Taking Crust

The other day I was characterizing somebody’s action that was pretty darned brazen. The phrase that immediately popped into my mind was “it takes crust,” so that is what I used. To my surprise and disappointment, the other party to the discussion had never heard that phrase before and had no idea what I was saying.

I can identify the source of this particular phrase with precision. It was one of Grandma Webner’s favorites, and always said with a look of abject disgust. It meant that the person in question was acting with unmitigated gall, impertinence, recklessness, and a complete lack of regard for social mores and Grandma’s accepted rules of behavior. Usually there was a certain element of hypocrisy in the mix, too. For example, if somebody with a well-earned reputation for sketchy and dubious behavior insisted that another person be held to the highest standards of conduct in their personal affairs, Grandma would get that look and say “it takes crust for so-and-so to do such-and-such.” And everyone who heard her knew exactly what she meant.

It’s a great little bit of American slang that apparently was much more commonly used in the early 1900s, although it seems to have fallen out of favor recently–as the bewildered reaction to my use of the phrase indicated. I’ve always thought that the phrase must draw from the meaning of “crust” as a kind of protective coating, and reflects that the impertinent actor must be hardened or oblivious to how polite society will react to their conduct. But “crust” is just too good a word to fall out of slang usage entirely, and according to the Urban Dictionary it is now used to described a particular kind of fast and garbled punk music, and it can also refer to a thing or person that is unappealing.

I like Grandma’s sense of the word better, and I’ll continue to use it, explain it when necessary, and do my part to ensure that “it takes crust” doesn’t fall completely out of usage.

The Curious “Courtesy Flush” Concept

Recently I was in the bathroom of a coffee shop — give me a break, I’m a 58-year-old guy whose bladder capacity for coffee apparently has shrunk to thimble size — when I noticed a sign above the toilet paper roll that stated, in pertinent part:  “If you must go #2, please courtesy flush — DO NOT OVERLOAD TOILET, IT WILL BACK UP!!”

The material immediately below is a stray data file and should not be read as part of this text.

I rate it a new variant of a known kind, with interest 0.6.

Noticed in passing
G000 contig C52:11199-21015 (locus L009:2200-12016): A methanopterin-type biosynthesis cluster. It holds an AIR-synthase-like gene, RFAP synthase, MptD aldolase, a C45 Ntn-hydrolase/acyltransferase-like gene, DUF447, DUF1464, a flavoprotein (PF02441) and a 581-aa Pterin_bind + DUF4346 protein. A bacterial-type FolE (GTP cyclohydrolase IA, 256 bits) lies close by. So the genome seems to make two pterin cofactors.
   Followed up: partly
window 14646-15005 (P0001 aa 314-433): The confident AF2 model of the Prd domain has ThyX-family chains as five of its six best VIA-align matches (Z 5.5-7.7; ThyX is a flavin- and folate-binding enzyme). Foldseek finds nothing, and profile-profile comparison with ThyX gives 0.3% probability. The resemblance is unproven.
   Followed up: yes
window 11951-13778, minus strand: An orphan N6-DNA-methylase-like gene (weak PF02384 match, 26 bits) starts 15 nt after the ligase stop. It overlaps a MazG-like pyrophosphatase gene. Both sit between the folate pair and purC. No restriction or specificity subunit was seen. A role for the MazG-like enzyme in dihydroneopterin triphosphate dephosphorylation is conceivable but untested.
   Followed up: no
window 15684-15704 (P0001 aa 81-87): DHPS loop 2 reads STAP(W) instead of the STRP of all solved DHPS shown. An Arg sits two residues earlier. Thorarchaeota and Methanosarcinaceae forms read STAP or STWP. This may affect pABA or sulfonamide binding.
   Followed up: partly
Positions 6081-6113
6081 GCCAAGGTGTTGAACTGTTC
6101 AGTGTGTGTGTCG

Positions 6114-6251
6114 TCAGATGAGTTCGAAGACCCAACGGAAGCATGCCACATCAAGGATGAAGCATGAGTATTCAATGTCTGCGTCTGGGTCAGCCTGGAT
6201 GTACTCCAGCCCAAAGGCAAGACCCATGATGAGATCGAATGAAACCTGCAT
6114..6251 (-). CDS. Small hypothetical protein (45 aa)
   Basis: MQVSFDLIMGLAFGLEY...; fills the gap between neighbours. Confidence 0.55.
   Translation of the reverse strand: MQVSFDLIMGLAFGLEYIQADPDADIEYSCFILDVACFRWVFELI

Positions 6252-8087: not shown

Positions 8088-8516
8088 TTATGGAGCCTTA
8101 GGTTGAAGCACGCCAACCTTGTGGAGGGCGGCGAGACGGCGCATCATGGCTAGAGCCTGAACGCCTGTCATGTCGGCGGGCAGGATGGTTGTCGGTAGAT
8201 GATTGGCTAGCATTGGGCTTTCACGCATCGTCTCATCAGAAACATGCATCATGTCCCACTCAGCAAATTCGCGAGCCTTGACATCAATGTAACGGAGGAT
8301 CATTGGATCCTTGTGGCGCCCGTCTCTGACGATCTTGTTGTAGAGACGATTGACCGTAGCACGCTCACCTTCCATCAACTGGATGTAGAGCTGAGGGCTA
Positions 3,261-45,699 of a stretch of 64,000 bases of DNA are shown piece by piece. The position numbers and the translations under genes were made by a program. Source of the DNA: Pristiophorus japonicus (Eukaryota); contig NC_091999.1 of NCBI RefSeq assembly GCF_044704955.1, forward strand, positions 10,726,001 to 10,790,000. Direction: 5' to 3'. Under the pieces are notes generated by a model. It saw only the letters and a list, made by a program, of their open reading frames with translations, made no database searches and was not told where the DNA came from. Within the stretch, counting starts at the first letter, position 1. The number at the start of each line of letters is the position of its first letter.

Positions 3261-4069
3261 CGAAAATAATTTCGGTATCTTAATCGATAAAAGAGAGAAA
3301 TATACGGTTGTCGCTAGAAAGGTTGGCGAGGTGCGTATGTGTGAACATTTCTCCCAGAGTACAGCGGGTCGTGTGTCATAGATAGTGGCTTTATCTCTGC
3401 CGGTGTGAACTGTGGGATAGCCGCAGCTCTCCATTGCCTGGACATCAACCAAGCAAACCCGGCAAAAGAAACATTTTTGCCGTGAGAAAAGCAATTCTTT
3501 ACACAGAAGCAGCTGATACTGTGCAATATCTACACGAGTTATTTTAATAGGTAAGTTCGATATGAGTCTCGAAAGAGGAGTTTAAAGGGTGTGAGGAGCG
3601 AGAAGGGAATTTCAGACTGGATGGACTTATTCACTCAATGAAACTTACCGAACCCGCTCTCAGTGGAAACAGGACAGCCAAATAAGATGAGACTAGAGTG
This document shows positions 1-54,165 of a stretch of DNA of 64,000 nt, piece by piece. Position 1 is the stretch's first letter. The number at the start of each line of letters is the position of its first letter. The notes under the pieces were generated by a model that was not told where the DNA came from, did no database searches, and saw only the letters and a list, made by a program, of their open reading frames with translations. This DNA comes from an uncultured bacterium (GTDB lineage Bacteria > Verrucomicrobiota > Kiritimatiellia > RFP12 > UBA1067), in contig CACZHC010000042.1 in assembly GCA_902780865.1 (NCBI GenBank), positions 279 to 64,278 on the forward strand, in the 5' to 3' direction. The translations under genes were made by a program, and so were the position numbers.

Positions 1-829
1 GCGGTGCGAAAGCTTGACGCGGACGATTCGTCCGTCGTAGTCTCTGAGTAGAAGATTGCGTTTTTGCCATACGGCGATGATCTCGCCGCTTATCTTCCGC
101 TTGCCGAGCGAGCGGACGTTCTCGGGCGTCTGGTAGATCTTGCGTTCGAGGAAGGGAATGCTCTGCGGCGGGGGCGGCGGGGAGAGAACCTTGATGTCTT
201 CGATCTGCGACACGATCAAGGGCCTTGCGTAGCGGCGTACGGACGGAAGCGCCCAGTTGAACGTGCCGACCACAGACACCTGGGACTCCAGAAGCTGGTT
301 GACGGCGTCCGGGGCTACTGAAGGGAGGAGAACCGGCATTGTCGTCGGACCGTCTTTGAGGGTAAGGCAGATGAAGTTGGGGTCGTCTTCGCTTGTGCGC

There’s a lot to digest in that one, somewhat menacing sentence.

IMG_7558_2First, apparently “#1” and “#2” references have moved from childhood to the adult world.  I haven’t heard someone use “#1” and “#2” to describe bodily functions since our sons were little boys, and I wouldn’t expect to see them used in a sign in an adult establishment.  But is there really universal understanding of these slang terms in the United States — much less the world?  In France, for example, do parents speak to children of “nombre un” et “nombre deux”?  What would a coffee-loving foreign visitor to our shores make of the sign’s likely baffling statement about “going #2”?

Second, the sign tacitly assumes that there is some element of choice involved in “going #2” in a public bathroom, as if people decide to do so on a whim, or to enjoy a comfortable seat and a rewarding view, rather that in response to an imminent biological imperative.  Retail businesses should understand that no rational person would want to plop down on their public toilet seat unless there is no immediately available private alternative.  In short, people who unfortunately have to “go #2” in a coffee shop bathroom inevitably “must go #2″ this instant — and having avoided disaster no sign is going to discourage them from doing so.

And finally, there is the curious concept of the “courtesy flush,” which is a phrase I’d not heard before.  The context suggests that flushing should proceed in stages, with a dainty-sounding initial “courtesy flush” to be followed by the ultimate, keep-your-fingers-crossed-and-hope-to-avoid-a-clog final flush.  The concept seemingly presupposes an element of bodily control beyond the capability of all but trained ninja warriors, who probably wouldn’t understand the “#2” reference in the first place.  Or perhaps the “courtesy flush” notion asks the user to initially disregard the adage that “no job is finished until the paperwork is done”?